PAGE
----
RDY/ is issued by the addressed slave when it is ready to complete the required bus operation and has either taken the available data or has placed read data on the bus. RDY/ may not be asserted until CBSY/ becomes inactive. RDY/ may be negated between transfers on multiple word access cycles to allow for long access times. During multiple word read and write cycles, ReaDY/ must be asserted two clocks before the first word of the transfer is removed. If the next data is to be delayed, ReaDY/ must be negated on the clock after it is asserted. This signal is "wired-ORed" between devices that can behave as slaves.
CBSY/ is issued by a cache when, due to a bus access, it is performing an internal cycle. The current controller of the bus and the addressed slave must not complete the cycle until CBSY has become false. This signal is "wire-ORed" between caches. The CBSY/ line is released only after the operation is over. On private-write mode, each slave cache keeps its CBSY/ signal in a high impedance state.
This is issued by main memory 140 after it has detected and corrected a single bit memory error. This will only go true when the data in error is true on the bus (i.e. if the third word of a four word transfer has had a corrected read error in this cycle, then during the time the third word is active on the bus (MMBE) will be true).
This is issued by main memory when it detects a non-correctable memory error. This will only go true when the data in error is true on the bus (i.e. if the third word of a four word transfer has an uncorrectable read error in this cycle then during the time the third word is active on the bus MMBE will be true).
This is issued by the bus arbitration logic after it detects a bus time out condition or a bus parity error has been detected. The bus time out interval is the period of BusGrant.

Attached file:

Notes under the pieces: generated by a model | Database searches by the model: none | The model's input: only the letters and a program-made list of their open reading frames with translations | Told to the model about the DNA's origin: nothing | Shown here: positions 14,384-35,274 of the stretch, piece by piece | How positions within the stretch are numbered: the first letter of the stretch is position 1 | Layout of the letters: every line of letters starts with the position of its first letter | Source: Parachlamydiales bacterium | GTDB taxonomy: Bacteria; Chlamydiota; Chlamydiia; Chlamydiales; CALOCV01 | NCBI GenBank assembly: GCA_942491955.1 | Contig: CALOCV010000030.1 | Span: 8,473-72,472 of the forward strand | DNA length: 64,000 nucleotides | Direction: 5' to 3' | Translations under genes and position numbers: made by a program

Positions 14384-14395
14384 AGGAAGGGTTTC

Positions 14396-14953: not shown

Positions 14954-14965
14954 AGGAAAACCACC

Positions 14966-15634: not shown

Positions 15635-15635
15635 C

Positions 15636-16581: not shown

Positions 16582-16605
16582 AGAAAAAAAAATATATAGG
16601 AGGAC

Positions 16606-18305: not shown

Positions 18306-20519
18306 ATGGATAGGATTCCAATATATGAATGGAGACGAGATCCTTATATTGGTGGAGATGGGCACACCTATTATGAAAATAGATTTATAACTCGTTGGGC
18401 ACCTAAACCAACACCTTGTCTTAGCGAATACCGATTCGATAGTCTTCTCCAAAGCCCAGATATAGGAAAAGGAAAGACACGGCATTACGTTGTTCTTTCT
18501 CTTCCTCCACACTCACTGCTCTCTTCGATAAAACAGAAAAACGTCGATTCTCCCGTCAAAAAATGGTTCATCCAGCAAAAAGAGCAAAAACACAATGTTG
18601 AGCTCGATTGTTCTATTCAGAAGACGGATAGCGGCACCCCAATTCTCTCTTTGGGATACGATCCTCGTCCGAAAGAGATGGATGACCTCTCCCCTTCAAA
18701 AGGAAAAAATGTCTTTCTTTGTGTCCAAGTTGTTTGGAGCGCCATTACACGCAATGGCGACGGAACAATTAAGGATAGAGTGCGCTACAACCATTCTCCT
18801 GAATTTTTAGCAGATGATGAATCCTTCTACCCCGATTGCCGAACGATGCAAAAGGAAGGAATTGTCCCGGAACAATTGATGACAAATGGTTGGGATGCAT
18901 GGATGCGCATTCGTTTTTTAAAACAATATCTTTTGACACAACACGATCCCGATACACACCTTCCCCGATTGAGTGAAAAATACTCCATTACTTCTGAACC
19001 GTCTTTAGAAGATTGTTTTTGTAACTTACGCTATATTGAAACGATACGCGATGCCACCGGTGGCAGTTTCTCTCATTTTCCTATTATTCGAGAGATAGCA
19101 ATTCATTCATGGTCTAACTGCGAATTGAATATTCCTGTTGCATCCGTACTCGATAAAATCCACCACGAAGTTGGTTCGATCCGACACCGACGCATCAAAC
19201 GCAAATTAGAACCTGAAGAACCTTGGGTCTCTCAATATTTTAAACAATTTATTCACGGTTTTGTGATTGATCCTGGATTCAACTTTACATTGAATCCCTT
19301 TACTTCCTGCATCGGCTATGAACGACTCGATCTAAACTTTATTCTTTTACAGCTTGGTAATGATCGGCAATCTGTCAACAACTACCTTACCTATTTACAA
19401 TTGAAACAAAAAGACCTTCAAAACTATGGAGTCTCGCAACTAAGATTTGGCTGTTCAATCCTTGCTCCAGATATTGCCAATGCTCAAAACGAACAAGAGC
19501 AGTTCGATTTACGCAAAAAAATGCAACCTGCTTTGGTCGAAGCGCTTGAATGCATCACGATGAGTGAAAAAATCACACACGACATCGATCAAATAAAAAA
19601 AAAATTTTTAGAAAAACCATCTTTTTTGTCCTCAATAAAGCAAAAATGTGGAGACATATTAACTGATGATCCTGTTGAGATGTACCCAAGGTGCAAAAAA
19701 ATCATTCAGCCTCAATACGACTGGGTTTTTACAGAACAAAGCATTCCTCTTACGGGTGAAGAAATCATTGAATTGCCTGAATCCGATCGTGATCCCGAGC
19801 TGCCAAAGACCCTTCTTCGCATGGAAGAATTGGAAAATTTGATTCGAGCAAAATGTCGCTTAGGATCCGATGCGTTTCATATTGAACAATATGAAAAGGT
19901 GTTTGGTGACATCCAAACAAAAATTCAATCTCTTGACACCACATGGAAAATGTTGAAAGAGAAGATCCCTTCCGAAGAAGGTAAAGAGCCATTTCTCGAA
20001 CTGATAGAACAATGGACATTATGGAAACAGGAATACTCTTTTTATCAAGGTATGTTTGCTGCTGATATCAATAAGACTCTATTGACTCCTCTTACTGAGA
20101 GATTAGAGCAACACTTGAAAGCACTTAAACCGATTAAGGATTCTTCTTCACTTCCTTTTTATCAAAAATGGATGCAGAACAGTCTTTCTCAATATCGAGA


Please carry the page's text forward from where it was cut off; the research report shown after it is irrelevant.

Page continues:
P<3:0>: Parity bits 3 through 0
These are the four parity bits for the four bytes on the AD<31:0> bus. Both address and data have parity checked on all cycles.
PERR/: Parity ERRor
This is an open collector signal driven by each device's parity checker circuitry. It is asserted when a parity error is detected in either address or data. It is latched by the bus arbitration logic 180 which then generates a bus error sequence.
This is the bus request signal from device x to the bus arbiter 180.
This is the bus grant signal from the bus arbiter 180 to the device x.
This is generated during a Read/Modify/Write cycle or a DAT operation.
MCLK: master clock
The master clock MCLK is delivered to the CPU or CPU's 110 and caches 120 and 130.
This is the system's bus clock. All signals are generated and sensed on its rising edge.
This is the system's master reset signal. It is asserted for a large number of bus clock cycles.
RATE: BCLK/MCLK rate
Low: BCLK has the frequency of 1/2 of the MCLK (e.g. 60 ns).
High: BCLK has the frequency of 1/4 of the MCLK (e.g. 120 ns).
In one embodiment, the system architecture includes multiple cache memories, multiple processors, and I/O processors. In this embodiment, there is a problem in keeping the same piece of data at the same value in every place it is stored and/or used. To alleviate this problem, the cache memories monitor the system bus, inspecting each cycle to see if it is of the type that could affect the consistency of data in the system. If it is, the cache performs an internal cycle to determine whether it has to purge its data or to supply the data to the system bus from the cache instead of from the addressed device on the bus. While the cache is deciding this, it asserts CacheBuSY/. When it has finished the cycle, it negates CacheBuSY/. If it has the data, it places it on the bus and asserts ReaDY/.
The bus cycles that will cause the cache to do an internal cycle are:
1. An I/O read (IOR) to private memory space. This allows the cache to supply data, which may have been modified but has not yet been written into memory. The MemorySpace code is <010 xx>. That is, memory space is main memory, and the data required is cached in copy-back mode into a private memory area.
2. I/O write cycles (IOW) of one, four or sixteen words. This allows the cache to invalidate any data that it (they) contain which is to be changed in memory. The MemorySpace codes are <000xx>, <001xx>and <010xx>. That is, purge any matching data that is cached.
3. Single and four word CPU writes to shared memory. This allows other caches to invalidate any data they contain that is being changed in memory. The MemorySpace code is <001xx>. That is, any matching data that is cacheable and in shared memory areas.